Friday, December 11, 2009

Reasons to Hold a Press Conference

The six most dreaded words for a PR person are: "We should hold a press conference!"

Most business people don't realize that unless you're making a significant announcement that's of interest to a large percentage of those in your community, journalists won't attend your press conference.

The problem is that what's big news to us isn't necessarily big news to others, and a press conference requires news that's interesting to a large, wide-ranging audience -- the local rich guy is running for public office, a large employer is announcing the location of its new factory, a college shares news of the largest donation in its history.

In addition, even when you have "real" news to announce, there's a lot of competition for the attention of journalists, many of whom work for news gathering organizations that are cutting back until the economy rebounds more. They have fewer reporters and photojournalists out reporting because they have no choice.

So...your boss announces, "We should hold a press conference!" Ask him or her these questions so that you can both decide if it's an appropriate option for your organization:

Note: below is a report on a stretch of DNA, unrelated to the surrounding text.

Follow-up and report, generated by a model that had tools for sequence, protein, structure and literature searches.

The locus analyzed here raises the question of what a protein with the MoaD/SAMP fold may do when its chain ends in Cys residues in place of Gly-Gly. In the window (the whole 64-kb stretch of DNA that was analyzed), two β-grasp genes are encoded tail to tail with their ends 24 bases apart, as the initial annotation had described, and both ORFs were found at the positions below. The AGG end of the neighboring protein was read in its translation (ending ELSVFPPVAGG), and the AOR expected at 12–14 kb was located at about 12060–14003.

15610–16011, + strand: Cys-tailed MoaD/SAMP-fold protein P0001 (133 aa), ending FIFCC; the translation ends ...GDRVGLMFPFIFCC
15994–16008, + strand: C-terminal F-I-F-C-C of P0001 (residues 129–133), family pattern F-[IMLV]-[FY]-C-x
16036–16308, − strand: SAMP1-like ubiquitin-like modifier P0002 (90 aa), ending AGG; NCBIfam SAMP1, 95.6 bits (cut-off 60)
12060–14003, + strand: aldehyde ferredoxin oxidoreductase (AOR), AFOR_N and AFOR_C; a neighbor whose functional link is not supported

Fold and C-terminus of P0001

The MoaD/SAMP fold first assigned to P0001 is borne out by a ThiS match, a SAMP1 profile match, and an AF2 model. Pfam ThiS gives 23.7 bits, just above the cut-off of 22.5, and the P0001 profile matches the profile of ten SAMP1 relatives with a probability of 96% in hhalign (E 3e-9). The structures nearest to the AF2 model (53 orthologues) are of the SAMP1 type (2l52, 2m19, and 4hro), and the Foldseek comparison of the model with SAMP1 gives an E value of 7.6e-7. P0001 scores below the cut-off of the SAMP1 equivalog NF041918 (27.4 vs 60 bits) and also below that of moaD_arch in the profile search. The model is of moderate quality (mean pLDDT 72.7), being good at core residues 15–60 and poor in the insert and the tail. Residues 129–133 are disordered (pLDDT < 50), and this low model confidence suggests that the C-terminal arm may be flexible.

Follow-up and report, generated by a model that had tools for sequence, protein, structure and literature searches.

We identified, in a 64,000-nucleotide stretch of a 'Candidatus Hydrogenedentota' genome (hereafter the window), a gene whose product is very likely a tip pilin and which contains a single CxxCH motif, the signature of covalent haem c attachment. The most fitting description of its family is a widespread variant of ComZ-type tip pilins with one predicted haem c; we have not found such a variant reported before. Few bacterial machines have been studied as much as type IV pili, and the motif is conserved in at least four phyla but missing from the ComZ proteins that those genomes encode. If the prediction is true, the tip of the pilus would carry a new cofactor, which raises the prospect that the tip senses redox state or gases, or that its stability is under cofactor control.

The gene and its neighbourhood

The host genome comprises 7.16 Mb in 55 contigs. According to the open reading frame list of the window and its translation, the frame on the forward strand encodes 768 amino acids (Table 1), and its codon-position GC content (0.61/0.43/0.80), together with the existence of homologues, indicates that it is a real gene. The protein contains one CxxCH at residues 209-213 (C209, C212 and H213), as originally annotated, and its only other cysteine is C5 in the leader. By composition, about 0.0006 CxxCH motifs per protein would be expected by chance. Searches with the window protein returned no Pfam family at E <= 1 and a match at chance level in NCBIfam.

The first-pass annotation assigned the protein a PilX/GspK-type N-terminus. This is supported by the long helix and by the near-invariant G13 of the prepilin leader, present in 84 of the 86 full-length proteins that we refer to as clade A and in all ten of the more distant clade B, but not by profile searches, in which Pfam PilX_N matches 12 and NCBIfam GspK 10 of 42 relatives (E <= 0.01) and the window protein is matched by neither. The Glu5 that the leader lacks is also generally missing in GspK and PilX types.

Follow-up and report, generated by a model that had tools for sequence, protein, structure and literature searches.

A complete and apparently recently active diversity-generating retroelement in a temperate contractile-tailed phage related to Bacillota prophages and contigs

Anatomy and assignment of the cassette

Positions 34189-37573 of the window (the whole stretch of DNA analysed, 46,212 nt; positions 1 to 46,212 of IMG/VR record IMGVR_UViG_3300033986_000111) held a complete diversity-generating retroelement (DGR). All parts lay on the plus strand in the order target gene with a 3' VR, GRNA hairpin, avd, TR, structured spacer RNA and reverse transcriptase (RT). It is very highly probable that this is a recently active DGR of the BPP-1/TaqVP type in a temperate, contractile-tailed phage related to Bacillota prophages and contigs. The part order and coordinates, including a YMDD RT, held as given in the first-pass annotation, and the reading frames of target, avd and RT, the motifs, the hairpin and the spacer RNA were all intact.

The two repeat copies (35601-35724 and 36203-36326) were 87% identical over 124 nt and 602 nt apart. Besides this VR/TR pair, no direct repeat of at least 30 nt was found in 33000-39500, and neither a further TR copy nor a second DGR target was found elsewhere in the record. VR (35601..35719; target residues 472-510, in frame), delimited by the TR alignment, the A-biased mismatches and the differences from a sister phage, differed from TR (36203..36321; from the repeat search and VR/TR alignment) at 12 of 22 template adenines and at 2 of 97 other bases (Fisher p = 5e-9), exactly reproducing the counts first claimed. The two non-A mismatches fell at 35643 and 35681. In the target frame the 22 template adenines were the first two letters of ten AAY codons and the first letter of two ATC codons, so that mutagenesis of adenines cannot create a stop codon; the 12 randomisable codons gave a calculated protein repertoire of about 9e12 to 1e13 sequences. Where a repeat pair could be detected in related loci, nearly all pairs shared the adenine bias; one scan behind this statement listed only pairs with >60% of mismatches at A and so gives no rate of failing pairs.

1. Who cares? Seriously, who will care about your announcement outside your company? And if they're in your industry, not your community, perhaps you should hold a press conference -- but at an industry trade show.
  2. Does your news have an impact on the people who read/watch/listen to the media outlets you would invite to your press conference? It needs to.
  3. Who should make the announcement at your press conference, and will that person be available? Sometimes, it's access to an individual who is normally hard to reach that draws a reporter to a press event. If you can make that hard-to-get-at person available, it's a check mark in the plus column.
And here's one strategy to use if you don't really have a good reason to hold a press conference but the boss insists on it anyway: Build your announcement into an event with a larger guest list -- members of your various stakeholder groups -- so that you've got bodies there and it's less obvious that there are no media microphones or cameras.

Did you ever hold a press conference that nobody attended? I did -- and it was for the community's pet charity, too -- the one that everybody is happy to help publicize. What went wrong? We'll save that for another blog posting. But in the meantime, share your story here!

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